This is one of the first facts we discovered when we asked several hundred people, from all walks of life, why they liked to smoke cigarettes. Smoking is as much a psychological pleasure as it is a physiological satisfaction. As one of our respondents explained: “It is not the taste that counts. It’s that sense of satisfaction you get from a cigarette that you can’t get from anything else.”
Smoking is Fun
What is the nature of this psychological pleasure? It can be traced to the universal desire for self-expression. None of us ever completely outgrows his childhood. We are constantly hunting for the carefree enjoyment we knew as children. As we grew older, we had to subordinate our pleasures to work and to the necessity for unceasing effort. Smoking, for many of us, then, became a substitute for our early habit of following the whims of the moment; it becomes a legitimate excuse for interrupting work and snatching a moment of pleasure. “You sometimes get tired of working intensely,” said an accountant whom we interviewed, “and if you sit back for the length of a cigarette, you feel much fresher afterwards. It’s a peculiar thing, but I wouldn’t think of just sitting back without a cigarette. I guess a cigarette somehow gives me a good excuse.”
Smoking is Oral Pleasure
As we have said, to explain the pleasure derived from smoking as taste experience alone, is not sufficient. For one thing, such an explanation leaves out the powerful erotic sensitivity of the oral zone. Oral pleasure is just as fundamental as sexuality and hunger. The satisfied expression on a smoker’s face when he inhales the smoke is ample proof of his sensuous thrill. The immense power of the yearning for a cigarette, especially after an enforced abstinence, is acknowledged by habitual smokers. One of our respondents said: “When you don’t get a cigarette for a long time and you are kind of on pins, the first drag goes right down to your heels.”
“With a Cigarette I Am Not Alone”
Frequently, our respondents remarked that smoking cigarettes is like being with a friend. Said one, “When I lean back and light my cigarette and see the glow in the dark, I am not alone any more….” In one sense, a cigarette seems to be something alive. The companionable character of cigarettes is also reflected in the fact that they help us make friends. In many ways, smoking has the same effect drinking has. It helps to break down social barriers. Two smokers out on a date light up a cigarette as soon as they get into their car. “It’s just the right start for an evening,” they say. Immediately they feel at ease, for they have found an interest they both share.
“I Like to Watch the Smoke”
In mythology and religion, smoke is full of meaning. Its floating intangibility and unreal character have made it possible for imaginative man to see therein mystery and magic. Even for us moderns, smoke has a strong fascination. To the cigarette smoker, the clouds he puffs out seem to represent a part of himself. Just as most people like to watch their own breath on cold winter days, so they like to watch cigarette smoke, which similarly makes ones breathe visible. This explains the emotional attitudes of many toward smoke. “Smoke is fascinating,” said one of the people we interviewed. “I like to watch the smoke. On a rainy day, I sort of lie in a haze in the middle of the room and let my thoughts wander while I smoke and wonder where the smoke goes.”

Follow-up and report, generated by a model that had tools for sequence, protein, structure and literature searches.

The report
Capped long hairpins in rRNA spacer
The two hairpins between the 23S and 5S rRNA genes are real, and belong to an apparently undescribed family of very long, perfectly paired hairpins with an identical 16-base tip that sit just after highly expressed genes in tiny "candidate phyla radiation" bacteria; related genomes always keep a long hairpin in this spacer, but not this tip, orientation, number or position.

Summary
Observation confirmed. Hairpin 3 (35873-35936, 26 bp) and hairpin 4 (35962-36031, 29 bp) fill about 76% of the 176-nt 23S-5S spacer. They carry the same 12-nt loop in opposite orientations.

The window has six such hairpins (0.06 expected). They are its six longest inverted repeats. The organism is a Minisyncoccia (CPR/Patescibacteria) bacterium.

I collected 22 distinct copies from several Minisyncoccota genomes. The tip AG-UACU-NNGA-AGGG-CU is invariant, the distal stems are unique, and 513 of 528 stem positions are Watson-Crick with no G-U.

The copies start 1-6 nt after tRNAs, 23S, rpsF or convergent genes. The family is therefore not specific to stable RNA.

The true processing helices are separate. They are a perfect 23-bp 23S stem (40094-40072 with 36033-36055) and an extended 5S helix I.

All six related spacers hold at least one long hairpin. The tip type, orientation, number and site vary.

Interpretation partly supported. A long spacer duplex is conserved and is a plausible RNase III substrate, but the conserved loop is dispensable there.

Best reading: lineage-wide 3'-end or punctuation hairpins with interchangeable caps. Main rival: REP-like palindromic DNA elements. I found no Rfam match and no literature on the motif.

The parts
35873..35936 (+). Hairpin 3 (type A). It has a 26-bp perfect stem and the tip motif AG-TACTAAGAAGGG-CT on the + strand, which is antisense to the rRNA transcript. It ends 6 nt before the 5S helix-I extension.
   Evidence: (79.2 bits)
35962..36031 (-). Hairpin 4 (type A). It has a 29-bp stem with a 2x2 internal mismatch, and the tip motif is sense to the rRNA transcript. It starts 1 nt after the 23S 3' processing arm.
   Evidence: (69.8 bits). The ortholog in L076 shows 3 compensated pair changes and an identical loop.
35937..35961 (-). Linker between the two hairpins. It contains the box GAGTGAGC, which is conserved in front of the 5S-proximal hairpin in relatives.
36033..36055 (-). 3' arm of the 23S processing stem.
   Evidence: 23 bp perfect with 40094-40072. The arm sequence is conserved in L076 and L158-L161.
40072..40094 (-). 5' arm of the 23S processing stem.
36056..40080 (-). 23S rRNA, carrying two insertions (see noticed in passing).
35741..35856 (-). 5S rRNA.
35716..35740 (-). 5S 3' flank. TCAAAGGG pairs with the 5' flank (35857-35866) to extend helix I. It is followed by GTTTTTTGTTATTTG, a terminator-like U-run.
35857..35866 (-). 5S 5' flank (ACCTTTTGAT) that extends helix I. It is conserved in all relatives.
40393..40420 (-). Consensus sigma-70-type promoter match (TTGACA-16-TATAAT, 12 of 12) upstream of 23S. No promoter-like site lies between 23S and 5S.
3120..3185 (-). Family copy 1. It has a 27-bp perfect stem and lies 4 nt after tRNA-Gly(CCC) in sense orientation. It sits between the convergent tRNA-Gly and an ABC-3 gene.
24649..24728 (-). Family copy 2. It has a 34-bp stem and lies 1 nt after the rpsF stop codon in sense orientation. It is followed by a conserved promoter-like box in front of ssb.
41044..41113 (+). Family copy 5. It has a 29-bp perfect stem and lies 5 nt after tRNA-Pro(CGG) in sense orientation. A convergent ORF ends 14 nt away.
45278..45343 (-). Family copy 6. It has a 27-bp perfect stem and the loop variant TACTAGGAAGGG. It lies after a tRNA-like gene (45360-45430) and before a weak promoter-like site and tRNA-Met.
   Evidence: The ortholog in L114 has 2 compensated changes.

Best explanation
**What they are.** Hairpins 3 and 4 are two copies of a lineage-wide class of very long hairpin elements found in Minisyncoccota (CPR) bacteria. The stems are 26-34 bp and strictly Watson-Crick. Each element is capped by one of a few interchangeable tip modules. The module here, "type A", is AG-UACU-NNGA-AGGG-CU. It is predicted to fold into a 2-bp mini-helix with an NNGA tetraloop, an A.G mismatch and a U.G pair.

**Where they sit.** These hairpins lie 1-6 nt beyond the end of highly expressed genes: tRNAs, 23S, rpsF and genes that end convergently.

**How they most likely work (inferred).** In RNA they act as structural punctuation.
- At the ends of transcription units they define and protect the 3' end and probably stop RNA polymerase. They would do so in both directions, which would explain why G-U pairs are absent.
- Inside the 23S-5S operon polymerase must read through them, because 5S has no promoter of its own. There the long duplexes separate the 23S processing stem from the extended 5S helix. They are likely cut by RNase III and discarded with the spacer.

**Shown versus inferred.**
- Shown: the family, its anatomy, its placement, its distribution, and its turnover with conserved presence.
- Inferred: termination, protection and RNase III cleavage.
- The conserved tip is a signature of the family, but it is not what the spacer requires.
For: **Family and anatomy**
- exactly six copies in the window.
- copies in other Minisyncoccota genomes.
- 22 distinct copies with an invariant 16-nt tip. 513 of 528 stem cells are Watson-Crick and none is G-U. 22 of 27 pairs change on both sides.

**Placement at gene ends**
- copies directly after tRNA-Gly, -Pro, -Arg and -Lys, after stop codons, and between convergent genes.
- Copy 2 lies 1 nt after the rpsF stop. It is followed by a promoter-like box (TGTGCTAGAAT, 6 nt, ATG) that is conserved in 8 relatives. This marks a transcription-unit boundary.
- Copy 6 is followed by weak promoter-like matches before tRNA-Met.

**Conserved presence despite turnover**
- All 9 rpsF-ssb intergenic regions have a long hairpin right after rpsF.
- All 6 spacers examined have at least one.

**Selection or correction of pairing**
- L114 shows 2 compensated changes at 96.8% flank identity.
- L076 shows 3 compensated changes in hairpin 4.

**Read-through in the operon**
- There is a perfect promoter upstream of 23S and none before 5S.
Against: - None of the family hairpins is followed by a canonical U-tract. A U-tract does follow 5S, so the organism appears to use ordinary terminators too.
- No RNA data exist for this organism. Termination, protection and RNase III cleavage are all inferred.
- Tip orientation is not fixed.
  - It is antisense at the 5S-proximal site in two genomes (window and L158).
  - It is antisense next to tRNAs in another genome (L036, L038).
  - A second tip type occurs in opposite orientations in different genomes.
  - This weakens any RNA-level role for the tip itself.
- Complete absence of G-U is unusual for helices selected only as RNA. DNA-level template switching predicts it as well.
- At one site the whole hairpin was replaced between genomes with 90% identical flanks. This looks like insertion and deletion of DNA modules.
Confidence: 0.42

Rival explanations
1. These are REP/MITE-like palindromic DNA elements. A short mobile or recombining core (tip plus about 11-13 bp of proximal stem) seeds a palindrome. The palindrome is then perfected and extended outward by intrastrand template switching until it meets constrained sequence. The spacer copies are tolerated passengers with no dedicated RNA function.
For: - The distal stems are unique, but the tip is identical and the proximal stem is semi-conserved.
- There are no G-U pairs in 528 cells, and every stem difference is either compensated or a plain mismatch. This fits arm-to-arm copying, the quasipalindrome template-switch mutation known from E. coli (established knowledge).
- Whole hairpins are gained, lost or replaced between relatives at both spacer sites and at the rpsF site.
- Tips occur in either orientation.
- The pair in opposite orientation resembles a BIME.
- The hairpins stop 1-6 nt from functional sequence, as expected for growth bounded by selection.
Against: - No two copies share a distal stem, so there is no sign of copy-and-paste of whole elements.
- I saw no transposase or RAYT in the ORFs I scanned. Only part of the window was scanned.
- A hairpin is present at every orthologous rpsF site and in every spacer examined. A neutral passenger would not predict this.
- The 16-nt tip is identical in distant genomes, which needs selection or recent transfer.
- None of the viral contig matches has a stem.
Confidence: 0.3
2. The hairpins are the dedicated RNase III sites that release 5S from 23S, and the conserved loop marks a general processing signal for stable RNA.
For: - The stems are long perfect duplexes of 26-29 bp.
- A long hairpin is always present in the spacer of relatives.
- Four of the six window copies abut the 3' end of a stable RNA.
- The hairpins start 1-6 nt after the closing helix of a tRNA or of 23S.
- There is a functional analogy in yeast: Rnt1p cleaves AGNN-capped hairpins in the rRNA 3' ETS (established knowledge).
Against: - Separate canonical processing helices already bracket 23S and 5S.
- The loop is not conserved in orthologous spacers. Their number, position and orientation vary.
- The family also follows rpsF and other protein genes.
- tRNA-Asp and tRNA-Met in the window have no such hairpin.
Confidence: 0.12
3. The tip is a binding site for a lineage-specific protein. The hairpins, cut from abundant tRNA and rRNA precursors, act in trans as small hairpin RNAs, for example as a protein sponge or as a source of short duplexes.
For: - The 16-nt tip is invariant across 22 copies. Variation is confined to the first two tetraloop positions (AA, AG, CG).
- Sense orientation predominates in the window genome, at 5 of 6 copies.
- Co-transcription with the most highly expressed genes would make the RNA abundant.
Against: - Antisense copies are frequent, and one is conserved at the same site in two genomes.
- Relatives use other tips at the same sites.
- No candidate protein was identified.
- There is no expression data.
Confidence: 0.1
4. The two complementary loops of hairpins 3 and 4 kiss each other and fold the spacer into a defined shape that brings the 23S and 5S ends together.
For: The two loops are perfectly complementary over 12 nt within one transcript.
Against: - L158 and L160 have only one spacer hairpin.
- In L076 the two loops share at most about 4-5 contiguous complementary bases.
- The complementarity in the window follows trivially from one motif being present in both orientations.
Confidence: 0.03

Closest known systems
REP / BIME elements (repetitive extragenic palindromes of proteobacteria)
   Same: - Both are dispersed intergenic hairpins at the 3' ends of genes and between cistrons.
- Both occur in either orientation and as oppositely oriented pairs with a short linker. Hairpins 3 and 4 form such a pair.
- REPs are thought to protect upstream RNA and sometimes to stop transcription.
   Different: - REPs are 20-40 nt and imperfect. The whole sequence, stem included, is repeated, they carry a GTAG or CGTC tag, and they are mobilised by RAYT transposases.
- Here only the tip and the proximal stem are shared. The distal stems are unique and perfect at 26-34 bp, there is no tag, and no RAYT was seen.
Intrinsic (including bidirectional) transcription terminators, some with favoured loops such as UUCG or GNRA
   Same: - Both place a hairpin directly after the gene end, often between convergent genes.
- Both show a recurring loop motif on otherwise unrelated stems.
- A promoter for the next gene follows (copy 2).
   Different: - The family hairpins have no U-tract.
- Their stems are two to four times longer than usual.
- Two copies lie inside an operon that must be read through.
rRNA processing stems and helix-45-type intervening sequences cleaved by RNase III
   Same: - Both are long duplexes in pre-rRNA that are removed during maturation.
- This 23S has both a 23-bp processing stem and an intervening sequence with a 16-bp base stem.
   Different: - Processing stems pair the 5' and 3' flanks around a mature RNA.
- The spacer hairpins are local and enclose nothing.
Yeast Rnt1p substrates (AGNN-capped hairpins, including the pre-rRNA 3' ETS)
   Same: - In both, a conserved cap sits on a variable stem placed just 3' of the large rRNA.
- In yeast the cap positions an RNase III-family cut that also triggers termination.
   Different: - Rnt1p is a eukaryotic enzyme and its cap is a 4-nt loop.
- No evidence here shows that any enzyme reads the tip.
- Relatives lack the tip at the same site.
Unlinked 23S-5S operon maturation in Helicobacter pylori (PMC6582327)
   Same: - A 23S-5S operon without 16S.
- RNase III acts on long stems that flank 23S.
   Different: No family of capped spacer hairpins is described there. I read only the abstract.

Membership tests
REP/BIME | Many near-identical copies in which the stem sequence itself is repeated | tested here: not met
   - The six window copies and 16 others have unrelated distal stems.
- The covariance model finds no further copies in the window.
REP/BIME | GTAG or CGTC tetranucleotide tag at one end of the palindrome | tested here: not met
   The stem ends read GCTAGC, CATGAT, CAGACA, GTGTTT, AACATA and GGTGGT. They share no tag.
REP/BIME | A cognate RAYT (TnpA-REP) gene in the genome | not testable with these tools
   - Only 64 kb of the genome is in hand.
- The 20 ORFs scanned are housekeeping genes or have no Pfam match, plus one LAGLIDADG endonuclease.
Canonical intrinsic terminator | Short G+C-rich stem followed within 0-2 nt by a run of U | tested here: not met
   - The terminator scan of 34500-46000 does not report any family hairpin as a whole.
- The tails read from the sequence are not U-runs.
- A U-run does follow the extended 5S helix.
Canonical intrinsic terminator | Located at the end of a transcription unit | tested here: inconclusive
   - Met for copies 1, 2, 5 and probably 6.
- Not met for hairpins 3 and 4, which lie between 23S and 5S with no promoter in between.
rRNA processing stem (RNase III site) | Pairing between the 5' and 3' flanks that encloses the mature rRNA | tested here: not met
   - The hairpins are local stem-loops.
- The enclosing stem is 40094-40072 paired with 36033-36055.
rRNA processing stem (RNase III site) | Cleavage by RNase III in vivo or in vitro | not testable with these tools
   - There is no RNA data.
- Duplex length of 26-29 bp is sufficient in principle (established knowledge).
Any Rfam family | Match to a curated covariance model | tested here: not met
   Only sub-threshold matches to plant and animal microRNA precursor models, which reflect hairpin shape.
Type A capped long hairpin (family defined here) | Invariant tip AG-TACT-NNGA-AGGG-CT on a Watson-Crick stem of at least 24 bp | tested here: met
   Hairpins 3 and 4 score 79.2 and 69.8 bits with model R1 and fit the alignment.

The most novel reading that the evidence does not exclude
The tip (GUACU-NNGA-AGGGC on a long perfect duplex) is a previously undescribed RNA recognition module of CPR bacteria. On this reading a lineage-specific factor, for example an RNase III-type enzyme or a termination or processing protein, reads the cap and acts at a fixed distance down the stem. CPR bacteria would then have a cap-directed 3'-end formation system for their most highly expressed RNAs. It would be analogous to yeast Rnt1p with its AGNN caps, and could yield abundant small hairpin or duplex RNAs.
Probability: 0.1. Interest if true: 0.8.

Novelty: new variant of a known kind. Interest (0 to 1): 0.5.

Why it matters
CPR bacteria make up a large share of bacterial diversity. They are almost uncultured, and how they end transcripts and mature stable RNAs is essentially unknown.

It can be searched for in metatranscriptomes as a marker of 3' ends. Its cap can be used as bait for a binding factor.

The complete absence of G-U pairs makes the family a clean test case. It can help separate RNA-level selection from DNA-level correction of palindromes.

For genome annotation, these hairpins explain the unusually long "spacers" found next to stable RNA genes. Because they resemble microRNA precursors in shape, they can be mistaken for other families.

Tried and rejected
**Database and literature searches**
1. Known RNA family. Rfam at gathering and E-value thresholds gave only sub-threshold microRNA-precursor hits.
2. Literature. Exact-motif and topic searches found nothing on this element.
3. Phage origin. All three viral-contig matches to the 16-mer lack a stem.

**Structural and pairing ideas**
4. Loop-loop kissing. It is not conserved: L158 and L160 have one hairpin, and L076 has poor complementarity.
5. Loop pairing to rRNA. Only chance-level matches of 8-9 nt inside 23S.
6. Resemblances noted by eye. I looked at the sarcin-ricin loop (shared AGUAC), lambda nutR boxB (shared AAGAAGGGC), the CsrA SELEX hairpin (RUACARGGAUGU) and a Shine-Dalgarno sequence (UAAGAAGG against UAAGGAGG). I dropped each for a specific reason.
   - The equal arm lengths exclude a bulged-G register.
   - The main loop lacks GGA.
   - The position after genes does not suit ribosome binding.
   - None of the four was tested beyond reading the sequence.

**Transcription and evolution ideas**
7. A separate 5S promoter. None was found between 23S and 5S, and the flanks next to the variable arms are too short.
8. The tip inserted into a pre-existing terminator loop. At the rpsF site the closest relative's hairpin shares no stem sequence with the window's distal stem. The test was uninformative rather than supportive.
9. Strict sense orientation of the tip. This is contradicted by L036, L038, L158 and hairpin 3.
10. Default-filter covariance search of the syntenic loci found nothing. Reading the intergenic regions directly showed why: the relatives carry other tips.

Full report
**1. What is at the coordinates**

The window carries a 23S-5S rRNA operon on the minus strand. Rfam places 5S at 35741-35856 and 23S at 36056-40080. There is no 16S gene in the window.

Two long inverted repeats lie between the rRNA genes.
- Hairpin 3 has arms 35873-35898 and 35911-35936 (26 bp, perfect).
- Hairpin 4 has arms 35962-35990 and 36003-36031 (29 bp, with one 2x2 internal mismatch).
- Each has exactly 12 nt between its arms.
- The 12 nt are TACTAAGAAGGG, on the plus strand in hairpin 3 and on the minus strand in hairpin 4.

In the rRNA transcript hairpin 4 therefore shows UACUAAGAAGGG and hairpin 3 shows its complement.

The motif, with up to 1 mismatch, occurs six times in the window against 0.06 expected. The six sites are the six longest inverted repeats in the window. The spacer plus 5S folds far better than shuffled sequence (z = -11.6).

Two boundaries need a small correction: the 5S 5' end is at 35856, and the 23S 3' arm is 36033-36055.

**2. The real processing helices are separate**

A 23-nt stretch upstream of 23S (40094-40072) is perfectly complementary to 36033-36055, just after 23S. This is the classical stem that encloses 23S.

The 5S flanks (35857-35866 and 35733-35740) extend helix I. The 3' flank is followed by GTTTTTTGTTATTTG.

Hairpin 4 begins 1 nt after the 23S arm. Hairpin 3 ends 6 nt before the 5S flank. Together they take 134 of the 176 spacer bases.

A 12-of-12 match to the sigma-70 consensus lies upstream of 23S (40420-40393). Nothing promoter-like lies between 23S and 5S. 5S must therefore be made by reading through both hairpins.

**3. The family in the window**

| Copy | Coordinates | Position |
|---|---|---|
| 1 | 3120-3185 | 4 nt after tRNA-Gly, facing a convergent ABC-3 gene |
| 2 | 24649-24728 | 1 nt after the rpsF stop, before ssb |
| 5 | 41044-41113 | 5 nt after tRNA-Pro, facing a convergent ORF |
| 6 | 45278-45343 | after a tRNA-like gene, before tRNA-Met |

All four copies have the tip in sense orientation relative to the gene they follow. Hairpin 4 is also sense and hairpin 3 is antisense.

Usually the way we smoke is characteristic of our whole personality. The mannerisms of smokers are innumerable. Some people always have cigarettes drooping from their mouths. Others let the cigarette jump up and down in their mouths while they are talking. Men sometimes complain about the way women smoke: “A lot of women blow out the smoke with a gust of wind, right into your face. They just puff it at you.” Some men, when they want to appear to be aggressive, hold their cigarettes with thumb and forefinger so that the glowing end shows toward the palm of the hand.
While every smoker has to go through the motions of lighting and inhaling the smoke, the way in which these acts are carried out varies according to his mood. The nervous smoker has a faster smoking tempo than the relaxed one. The angry smoker blows the smoke in an aggressive way, almost as if he were trying to blow somebody down. A smoker who is about to ask for a raise in salary will press his lips tightly around the cigarette as if to gain courage by holding it that way.
Smoking Help Us to Relax
One shortcoming of our modern culture is the universal lack of adequate relaxation. Many of us not only do not know how to relax, but do not take time to learn. Smoking helps us to relax because, like music, it is rhythmic. Smoking gives us a legitimate excuse to linger a little longer after meals, to stop work for a few minutes, to sit at home without doing anything that requires effort. Here is a nostalgic comment contributed by a strong defender of smoking: “After a long day’s work, to get home and sit in a chair and stretch my legs ‘way out, and then to sit back and just smoke a cigarette and think of nothing, just blow the smoke in the air – that’s what I like to do when I’ve had a pretty tough day.” The restful effect of moderate smoking explains why people working under great stress use more tobacco.
“Smoking Helps Me Think”
The mind can concentrate best when all outside stimuli have been excluded. Smoking literally provides a sort of “smoke screen” that helps to shut out distractions. This explains why many people who were interviewed reported that they cannot think or write without a cigarette. They argued that moderate smoking may even stimulate mental alertness. It gives us a focal point for our attention. It also gives our hands something to do; otherwise they might make us self-conscious and interfere with mental activity. On the other hand, our respondents admit that smoking too much may reduce their efficiency.